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Figure 9. Possible locations of the Foundation hot spot in the past from reconstructing backward the position of the geoid anomaly using Lonsdale's [1988] rotation pole. The volcanoes that might have been active at each time step are named.

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6. Discussion

  1. Top of page
  2. Abstract
  3. 1. Introduction
  4. 2. Data
  5. 3. Western Province
  6. 4. Present-Day Ridge-Hot Spot Interaction Zone
  7. 5. Position of the Foundation Hot Spot Through Time
  8. 6. Discussion
  9. 7. Conclusions
  10. Acknowledgments
  11. References
  12. Supporting Information

[29] In this section we will address two problems: first, the lithospheric control on the surface expression and distribution of the volcanism and, second, the mixing between the hot spot plume and the upper mantle components. We show that for both the older and the recent parts of the Foundation chain the emplacement of the volcanoes is mainly controlled by weak zones in the lithosphere. The spatial distribution of the chemical composition of the lavas of both areas is, however, explained by two different processes. For the old volcanoes of the western province the mixing between the plume and the upper mantle material is linked to the arrival of the plume head or of a major magmatic pulse. For the recent edifices the mixing is more conveniently explained by the approach of the plume and the Pacific-Antarctic Ridge and, consequently, the merging of two melting zones.

6.1. Origin of the Volcanic Ridges of the Western Province of the Foundation Chain

[30] The spatial distribution of the volcanism appears to be strongly controlled by lithospheric weak zones and/or preexisting structures. Kinematics, structural features, ages, and chemistry of the volcanoes show that the volcanic features were formed during two different periods. The earlier period is probably linked to the plate reorganization of 23.4 Ma [Goodwillie and Parsons, 1992; Tebbens and Cande, 1997]. During this reorganization a first short magmatic episode appears to be at least partly contemporaneous to the deformation of the plate and to the development of fractures in the different observed directions. The main part of the Del Cano ridge was built during this episode. A second magmatic episode is related to the beginning of the activity of the Foundation hot spot and is subsequent to the plate reorganization. Preexisting fractures were conduits for releasing magma to the surface.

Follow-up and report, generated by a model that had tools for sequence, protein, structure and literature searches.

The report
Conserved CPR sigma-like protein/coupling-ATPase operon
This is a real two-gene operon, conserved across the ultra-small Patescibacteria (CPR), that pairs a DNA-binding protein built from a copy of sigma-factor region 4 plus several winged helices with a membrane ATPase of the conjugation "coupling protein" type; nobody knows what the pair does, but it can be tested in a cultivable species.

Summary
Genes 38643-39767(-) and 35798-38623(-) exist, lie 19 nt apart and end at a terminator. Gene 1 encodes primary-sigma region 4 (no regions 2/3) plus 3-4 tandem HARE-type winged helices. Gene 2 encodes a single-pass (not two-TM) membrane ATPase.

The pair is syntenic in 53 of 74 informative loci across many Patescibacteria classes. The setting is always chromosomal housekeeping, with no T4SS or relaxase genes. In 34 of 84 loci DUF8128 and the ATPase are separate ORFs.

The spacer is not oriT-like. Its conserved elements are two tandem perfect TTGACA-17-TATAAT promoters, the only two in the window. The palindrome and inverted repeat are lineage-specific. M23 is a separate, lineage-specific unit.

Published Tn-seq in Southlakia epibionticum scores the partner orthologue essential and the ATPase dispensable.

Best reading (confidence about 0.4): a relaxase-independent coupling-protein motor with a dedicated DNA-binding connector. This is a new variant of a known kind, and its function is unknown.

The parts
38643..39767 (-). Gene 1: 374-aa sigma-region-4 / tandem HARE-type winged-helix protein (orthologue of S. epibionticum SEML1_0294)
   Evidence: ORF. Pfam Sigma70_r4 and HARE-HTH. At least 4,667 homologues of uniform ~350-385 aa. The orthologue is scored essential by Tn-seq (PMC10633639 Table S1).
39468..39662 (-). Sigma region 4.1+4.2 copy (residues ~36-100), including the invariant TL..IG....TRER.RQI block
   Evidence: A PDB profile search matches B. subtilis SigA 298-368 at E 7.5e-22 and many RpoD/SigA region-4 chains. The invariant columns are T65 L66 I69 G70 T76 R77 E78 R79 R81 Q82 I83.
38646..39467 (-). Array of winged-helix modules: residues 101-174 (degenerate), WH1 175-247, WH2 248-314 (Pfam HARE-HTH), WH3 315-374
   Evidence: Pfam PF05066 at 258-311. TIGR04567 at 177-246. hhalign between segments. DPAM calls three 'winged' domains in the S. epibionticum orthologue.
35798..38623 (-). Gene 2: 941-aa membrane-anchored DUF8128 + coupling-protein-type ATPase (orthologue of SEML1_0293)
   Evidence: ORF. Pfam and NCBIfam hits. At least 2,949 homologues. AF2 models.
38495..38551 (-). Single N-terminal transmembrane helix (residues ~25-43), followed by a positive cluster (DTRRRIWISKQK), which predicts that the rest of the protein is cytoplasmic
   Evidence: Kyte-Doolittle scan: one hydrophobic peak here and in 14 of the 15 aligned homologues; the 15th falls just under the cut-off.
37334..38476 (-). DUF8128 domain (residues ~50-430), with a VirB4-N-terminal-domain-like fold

6.1.1. Plate reorganization: First magmatic episode

[31] The Del Cano ridge probably corresponds to a small or zero-offset discontinuity or fracture zone that underwent an oblique slip normal displacement, thus both shearing and extension, most probably induced by the major plate reorganization at the time of chron 6C (23.4 Ma) [Goodwillie and Parsons, 1992; Tebbens and Cande, 1997]. Indeed, Goodwillie and Parsons [1992] find a certain amount of extension on the old Pacific plate which could be a consequence of this reorganization. Several observations support this interpretation. First, the main trend of the Del Cano ridge is subparallel to the trend of the fracture zones in this region, its eastern end corresponding to crust formed at chron 6C. This suggests that the Del Cano ridge corresponds to an ancient fracture zone or to an axial discontinuity which ceased to exist around chron 6C time. Second, the structure of the Del Cano ridge clearly shows a deformation posterior to the active period of the transform, mainly shearing associated to a small amount of extension. The presence of both intact and truncated volcanoes suggests that the deformation is partly synchronous with a volcanic episode along the ridge. Both the height and the lateral dimension of the massifs reduce progressively from west to east. The amount of shearing is also variable along the Del Cano ridge, as can be seen by the morphology of the western edifice, showing little deformation, and of the easternmost massifs, showing intense deformation. The chron 6C clockwise rotation of the spreading direction and the formation of the Selkirk paleomicroplate could induce a certain amount of northwest-southeast extension as a response to the intraplate stresses generated by the new kinematic configuration. If the pole of the opening is located near the failed rift, the amount of extension would be greater at the western end of the Del Cano fracture zone, allowing more magma to reach the surface, therefore forming higher relief. Third, the sample obtained at the eastern tip of the Del Cano ridge [Hékinian et al., 1999] shows that at least this part of the feature did not undergo a strong influence of the Foundation hot spot. Also, the depleted tholeiite trace element and isotope compositions of the basalts from the failed rift of the Selkirk paleomicroplate argue in favor either of the absence of a hot spot influence or of a very incipient hot spot influence in this region at least at chron 6A (∼20 Ma), the time of the extinction of the western spreading axis of the paleomicroplate [Tebbens and Cande, 1997; Blais et al., 1999]. Since the Del Cano ridge was probably formed before the extinction of the Selkirk ridge axis, it is very unlikely that it could be linked to a later hot spot activity.